Seattle and 34 other American cities have been named global leaders for climate change by the CDP, a non-profit organization that focuses on environmental impact.
According to its website, the CDP runs a “global environmental disclosure system.” They work with companies, cities, states, and regions in order to measure and manage the different risks and opportunities when it comes to climate change, water security, and deforestation.
This year, Seattle was listed on the “CDP Cities A List,” which highlights cities “that are leading the transition to a climate-safe future.”
- See also:
In order to construct this list, cities measure and report environmental data such as emissions, climate-related vulnerabilities, and actions to reduce emissions. The CDP then grades the cities from A to D.
The CPD says that to score an A, cities “must have a city-wide emissions inventory, have set an emissions-reduction target, published a climate action plan, and have completed a climate adoption plan to demonstrate how it will tackle climate hazards now and in the future.”
Other American cities that made the cut include Portland, New York City, Denver, and 30 other US cities. In total, more than 100 cities made the list for 2019 — more than double the amount that was listed last year.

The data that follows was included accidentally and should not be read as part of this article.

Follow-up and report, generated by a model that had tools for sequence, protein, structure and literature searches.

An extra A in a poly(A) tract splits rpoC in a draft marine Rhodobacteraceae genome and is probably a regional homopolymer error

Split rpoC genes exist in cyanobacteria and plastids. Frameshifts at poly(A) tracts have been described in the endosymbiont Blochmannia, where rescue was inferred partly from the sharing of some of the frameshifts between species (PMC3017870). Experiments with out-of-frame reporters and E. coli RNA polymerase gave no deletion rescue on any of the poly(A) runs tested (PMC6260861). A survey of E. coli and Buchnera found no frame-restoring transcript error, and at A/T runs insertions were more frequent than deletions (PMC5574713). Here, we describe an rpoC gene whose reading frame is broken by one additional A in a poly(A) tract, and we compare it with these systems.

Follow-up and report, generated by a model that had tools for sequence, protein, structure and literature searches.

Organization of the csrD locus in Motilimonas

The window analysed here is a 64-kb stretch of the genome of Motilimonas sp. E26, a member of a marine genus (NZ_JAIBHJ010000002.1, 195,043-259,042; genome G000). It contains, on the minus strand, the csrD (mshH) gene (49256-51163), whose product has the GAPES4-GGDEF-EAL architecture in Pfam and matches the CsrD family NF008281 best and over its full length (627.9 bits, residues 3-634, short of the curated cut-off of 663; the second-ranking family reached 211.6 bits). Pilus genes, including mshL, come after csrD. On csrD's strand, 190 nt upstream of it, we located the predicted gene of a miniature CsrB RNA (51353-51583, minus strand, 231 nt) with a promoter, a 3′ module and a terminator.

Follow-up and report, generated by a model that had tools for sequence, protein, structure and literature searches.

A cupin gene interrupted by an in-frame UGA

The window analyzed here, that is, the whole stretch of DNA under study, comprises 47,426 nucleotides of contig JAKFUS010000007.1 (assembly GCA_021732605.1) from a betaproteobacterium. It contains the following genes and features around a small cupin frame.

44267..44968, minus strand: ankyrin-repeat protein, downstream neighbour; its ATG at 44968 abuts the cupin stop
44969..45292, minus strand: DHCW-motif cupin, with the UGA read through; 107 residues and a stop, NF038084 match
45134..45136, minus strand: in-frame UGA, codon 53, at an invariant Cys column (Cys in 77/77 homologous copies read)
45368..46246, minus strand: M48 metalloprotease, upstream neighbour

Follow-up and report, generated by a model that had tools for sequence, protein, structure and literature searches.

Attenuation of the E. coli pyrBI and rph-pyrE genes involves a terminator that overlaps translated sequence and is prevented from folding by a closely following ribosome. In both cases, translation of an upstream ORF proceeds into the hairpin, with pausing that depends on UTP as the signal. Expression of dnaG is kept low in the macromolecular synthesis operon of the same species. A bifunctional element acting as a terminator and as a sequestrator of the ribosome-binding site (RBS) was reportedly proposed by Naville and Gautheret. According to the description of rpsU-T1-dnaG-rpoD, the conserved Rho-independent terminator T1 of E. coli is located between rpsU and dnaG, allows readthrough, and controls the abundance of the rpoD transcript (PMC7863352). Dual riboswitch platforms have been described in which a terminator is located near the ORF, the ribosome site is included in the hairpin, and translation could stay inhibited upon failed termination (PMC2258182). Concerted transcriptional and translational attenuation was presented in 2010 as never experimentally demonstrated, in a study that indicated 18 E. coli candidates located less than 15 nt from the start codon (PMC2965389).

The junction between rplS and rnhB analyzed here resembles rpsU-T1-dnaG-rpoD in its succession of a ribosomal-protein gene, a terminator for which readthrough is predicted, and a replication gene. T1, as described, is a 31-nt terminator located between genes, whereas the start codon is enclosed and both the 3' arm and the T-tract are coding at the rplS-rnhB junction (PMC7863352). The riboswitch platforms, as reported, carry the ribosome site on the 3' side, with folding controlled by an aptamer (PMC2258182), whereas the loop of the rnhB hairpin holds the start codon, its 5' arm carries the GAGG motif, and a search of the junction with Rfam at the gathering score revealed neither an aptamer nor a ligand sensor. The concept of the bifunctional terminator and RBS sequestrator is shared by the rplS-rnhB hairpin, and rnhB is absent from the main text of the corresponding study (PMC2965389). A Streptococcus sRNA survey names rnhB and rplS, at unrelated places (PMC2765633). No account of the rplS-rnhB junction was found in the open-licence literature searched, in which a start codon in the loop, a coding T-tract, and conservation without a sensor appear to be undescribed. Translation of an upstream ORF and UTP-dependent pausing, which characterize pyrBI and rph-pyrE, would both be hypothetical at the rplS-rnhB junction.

“Cities are taking the climate crisis more seriously than before,” says the CDP. “In the space of a year, the number of cities on the A List has grown from 43 in 2018 to 105 in 2019. Representing a combined global population of 170 million, they are leading the transition to a climate-safe future and setting an example for others to follow.”
In 2018, Seattle Public Utilities approved a ban on plastic straws, plastic utensils, and plastic cocktail picks. The restrictions became effective on July 1, 2018.
Since July 1, 2017, businesses have been banned from providing plastic bags. Shops can charge a minimum of five cents for large paper carryout bags, or provide green or brown compostable bags.
The City of Vancouver also decided last July to convert arterial streetlights in Seattle into an energy-efficient white LED.